Wednesday, April 6, 2011
Contractor Held Liable for Calabasas Home Fire Caused by Workers
C.A. Panel Clarifies Effect of Subrogation in Comparative Negligence Case
By SHERRI M. OKAMOTO, Staff Writer
This district’s Court of Appeal yesterday upheld a judgment against a hardwood flooring contractor for causing a fire which damaged a Calabasas home.
Div. Three concluded that sufficient evidence supported the jury’s determination that cigarette butts carelessly discarded by workers from a subcontractor hired by Conejo Hardwoods started the blaze in the garage of a property owned by James and Rita Garbell.
The panel also upheld the apportionment of damages by Los Angeles Superior Court Judge Paul Gutman, since deceased. The court explained that the insurance payment to the Garbells was properly deducted from their total personal property loss after comparative fault was determined.
A 35-gallon trashcan which the workers at the Garbell house used to store their materials and flooring for installation was the undisputed point of origin of the fire. The workers were employees of Krowpman Flooring and Tile, which the jury found was Congejo’s agent.
One of the workers, Bryan Robertson, testified that he and another worker smoked at the job site. Robertson claimed that they would sit on the edge of his truck parked on the street during breaks, then extinguish their cigarettes in a glass Snapple bottle. This bottle, he said, would either be left in his truck or thrown into the trash at the end of the work day.
Although the Garbells said they saw the workers smoking, neither of them said they saw what the workers did with their discarded cigarettes.
The fire started after the workers had left for the day and while the Garbells were not at home.
An investigator hired to investigate the fire scene testified that workers had told him they “either threw the glass container with the cigarette butts in it into this trash can with sawdust and wood shavings and trash or they dumped the cigarette butts out of the…Snapple bottle, into the trash can.” He said he was able to eliminate all other causes of the fire except a discarded cigarette or spontaneous combustion, but could not determine which had been the actual cause.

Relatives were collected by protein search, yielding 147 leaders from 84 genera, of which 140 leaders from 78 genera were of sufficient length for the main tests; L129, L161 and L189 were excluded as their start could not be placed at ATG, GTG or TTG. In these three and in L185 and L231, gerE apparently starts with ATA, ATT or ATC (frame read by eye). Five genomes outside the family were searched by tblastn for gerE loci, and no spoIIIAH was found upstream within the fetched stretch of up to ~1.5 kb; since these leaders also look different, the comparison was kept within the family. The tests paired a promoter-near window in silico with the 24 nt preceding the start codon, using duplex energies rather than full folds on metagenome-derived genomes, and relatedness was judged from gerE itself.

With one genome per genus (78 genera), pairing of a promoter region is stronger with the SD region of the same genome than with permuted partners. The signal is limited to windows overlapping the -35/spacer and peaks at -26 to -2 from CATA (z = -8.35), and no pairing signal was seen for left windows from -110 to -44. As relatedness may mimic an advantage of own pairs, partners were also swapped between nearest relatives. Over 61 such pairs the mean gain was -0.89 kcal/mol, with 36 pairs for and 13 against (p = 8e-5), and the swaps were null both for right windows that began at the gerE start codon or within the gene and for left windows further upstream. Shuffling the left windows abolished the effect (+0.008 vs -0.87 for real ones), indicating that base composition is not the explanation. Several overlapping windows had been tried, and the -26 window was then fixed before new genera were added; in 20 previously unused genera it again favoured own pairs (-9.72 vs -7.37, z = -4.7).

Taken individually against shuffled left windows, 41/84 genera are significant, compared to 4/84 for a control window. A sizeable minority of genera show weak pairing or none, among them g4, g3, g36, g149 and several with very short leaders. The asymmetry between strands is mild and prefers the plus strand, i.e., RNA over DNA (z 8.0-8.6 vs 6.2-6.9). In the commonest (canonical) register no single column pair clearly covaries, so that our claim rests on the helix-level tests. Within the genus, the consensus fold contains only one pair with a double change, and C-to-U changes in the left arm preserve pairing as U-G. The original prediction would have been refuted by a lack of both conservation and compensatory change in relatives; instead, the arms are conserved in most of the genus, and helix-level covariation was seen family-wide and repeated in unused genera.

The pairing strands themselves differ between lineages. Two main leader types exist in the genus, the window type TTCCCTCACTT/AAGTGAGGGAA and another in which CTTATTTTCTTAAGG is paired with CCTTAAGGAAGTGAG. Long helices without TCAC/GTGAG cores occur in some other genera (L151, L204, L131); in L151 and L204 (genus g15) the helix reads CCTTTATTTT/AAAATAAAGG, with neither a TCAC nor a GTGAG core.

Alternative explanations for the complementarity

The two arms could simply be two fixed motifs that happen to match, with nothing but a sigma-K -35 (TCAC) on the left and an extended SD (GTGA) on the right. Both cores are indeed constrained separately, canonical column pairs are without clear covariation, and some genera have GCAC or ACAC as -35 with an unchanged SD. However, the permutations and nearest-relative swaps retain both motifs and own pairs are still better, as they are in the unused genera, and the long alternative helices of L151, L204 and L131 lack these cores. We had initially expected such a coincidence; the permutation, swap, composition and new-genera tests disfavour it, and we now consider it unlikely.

The jury determined the total amount of personal property loss from the fire was $822,483, but found Conejo was only liable for 55 percent of this amount because the Garbells had also been negligent and responsible for 45 percent of the fault.
Gutman then subtracted the $424,050 paid by the Garbells’ insurer from Conejo’s share of the damages, leaving a net award to the Garbells of $28,315.
Writing for the appellate court, Justice Richard D. Aldrich said the fire investigator’s testimony was sufficient to establish causation since he “ruled out by a process of elimination all causes of the fire except two,” and relied on the admission from
workers that they may have dumped cigarette materials into the trash in forming his opinion that a cigarette was to blame.
“We recognize that [the investigator] did not testify that the cigarettes belonged to one of the workers, nor could he as there was no trace of cigarettes at the fire’s point of origin,” Aldrich said, but reasoned “this particular link in the causation chain, that is, whose cigarette caused the fire, did not require expert testimony.”
The justice posited that “reasonable inferences based upon timing and proximity” of the fire to the departure of the workers from the job site, as well as the absence of any glass shards at the point of origin, could have been drawn by the jury, establishing the element of causation to support the negligence finding.
Aldrich also rejected the Garbells’ contention that they were entitled to the insurance payment regardless of their fault, and that only their uninsured loss should have been subject to comparative fault.
“The Garbells’ argument fundamentally misunderstands their insurer’s subrogation rights and the judgment,” Aldrich said.
“When the insured is only partially compensated by the insurer for a loss, as was the case here, the subrogation doctrine results in two or more parties having a right of action for recovery of damages based upon the underlying negligence,” so the insurer had a subrogation right to recover its payment of $424,050 from Conejo, and the Garbells had a right to recover for their uninsured loss, he explained.
Aldrich said there was no error in the damages calculation, but partial reversal was necessary since the judgment exceeded Conejo’s statutory settlement offer. The court reversed the portion of the judgment denying costs to the Garbells and awarding costs to Conejo after the date the offer to compromise was served on the Garbells.
Stanley P. Lieber of Lieber Williams & Labin represented the Garbells while Robert L. Kaufman and John J. Stumreiter of Brown, Brown & Klass represented Conejo.
The case is Garbell v. Conejo Hardwoods, Inc., 11 S.O.S. 1761.
Copyright 2011, Metropolitan News Company